USS Preble Returns After Counter-Narcotics Deployment

The U.S. Navy Arleigh Burke-class guided-missile destroyer USS Preble (DDG 88) returned to its homeport of Joint Base Pearl Harbor-Hickam, on June 25, following a surge deployment to the U.S. 4th Fleet area of operations.

Preble, along with a detachment from “Easyriders” from Helicopter Maritime Squadron (HSM) 37, deployed in March 2020 to conduct U.S. Southern Command and Joint Interagency Task Force South’s enhanced counter-narcotics operations missions in the Caribbean Sea and eastern Pacific Ocean.

USS Preble in Pearl Harbor
USS Preble (DDG 88) returns to Joint Base Pearl Harbor-Hickam, June 25, 2020. (U.S. Navy/MCSN Jaimar Carson Bondurant)

During their deployment, Preble, with their embarked U.S. Coast Guard Law Enforcement Detachment (LEDET), recovered 100 bales of suspected cocaine totaling an estimated 2,000 kilograms, worth over an estimated wholesale value of $40 million.

“The success of this deployment was due to our Sailors and embarked Coast Guardsmen working together daily for a common cause – enhanced counter-narcotics operations,” said Cmdr. Leonardo Giovannelli, Preble’s commanding officer. “We thank our Preble families and friends whose unwavering support made it possible for their loved ones, our Sailors, to succeed at sea and complete our mission.”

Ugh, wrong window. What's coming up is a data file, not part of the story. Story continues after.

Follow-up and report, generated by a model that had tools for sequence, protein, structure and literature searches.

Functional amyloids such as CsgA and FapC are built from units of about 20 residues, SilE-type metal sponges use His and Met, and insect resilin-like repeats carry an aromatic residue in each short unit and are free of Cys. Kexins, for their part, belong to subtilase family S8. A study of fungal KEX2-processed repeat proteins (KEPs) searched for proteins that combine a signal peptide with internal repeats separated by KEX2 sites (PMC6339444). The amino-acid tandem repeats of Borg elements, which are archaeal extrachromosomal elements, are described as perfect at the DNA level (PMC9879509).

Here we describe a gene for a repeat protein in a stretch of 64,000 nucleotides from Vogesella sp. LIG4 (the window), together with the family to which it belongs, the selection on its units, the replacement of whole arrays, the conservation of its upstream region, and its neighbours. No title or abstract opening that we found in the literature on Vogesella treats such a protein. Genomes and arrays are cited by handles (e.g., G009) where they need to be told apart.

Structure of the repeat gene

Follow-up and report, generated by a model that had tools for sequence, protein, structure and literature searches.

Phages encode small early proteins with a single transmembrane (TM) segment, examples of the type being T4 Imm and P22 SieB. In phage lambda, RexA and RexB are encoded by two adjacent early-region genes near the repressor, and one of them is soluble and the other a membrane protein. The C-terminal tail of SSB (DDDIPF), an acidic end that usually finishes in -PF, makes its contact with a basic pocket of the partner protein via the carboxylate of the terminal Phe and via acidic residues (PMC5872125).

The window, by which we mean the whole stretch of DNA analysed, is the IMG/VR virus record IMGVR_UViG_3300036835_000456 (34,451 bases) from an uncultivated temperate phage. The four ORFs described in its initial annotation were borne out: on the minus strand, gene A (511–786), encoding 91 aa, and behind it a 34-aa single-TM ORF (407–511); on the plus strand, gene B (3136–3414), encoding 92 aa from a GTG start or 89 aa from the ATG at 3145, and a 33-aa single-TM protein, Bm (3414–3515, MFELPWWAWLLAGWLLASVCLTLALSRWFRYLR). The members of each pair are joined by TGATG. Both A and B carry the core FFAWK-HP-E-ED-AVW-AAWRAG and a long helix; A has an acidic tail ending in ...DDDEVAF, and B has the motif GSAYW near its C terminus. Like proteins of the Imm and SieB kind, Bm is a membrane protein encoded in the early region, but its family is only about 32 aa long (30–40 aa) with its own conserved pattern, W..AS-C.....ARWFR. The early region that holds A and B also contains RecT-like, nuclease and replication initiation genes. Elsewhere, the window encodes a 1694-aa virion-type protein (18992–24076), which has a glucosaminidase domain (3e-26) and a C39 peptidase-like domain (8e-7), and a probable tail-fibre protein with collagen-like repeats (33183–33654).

With the deployment conducted in a COVID-19 environment, the primary focus of ship’s leadership was crew safety.

“We took all available precautions before the start of the deployment,” said Cmdr. Peter Lesaca, Preble’s executive officer. “I credit our Sailors for understanding the gravity of the pandemic, keeping themselves in good health, and taking care of their shipmates to keep the ship safe.”

Preble joined other U.S. Navy warships, numerous U.S. agencies from the Departments of Defense, Justice and Homeland Security cooperating in the effort to combat transnational organized crime. The Coast Guard, U.S. Navy, Customs and Border Protection, FBI, Drug Enforcement Administration, and Immigration and Customs Enforcement, along with allied and international partner agencies, are all playing a role in counter-drug operations.



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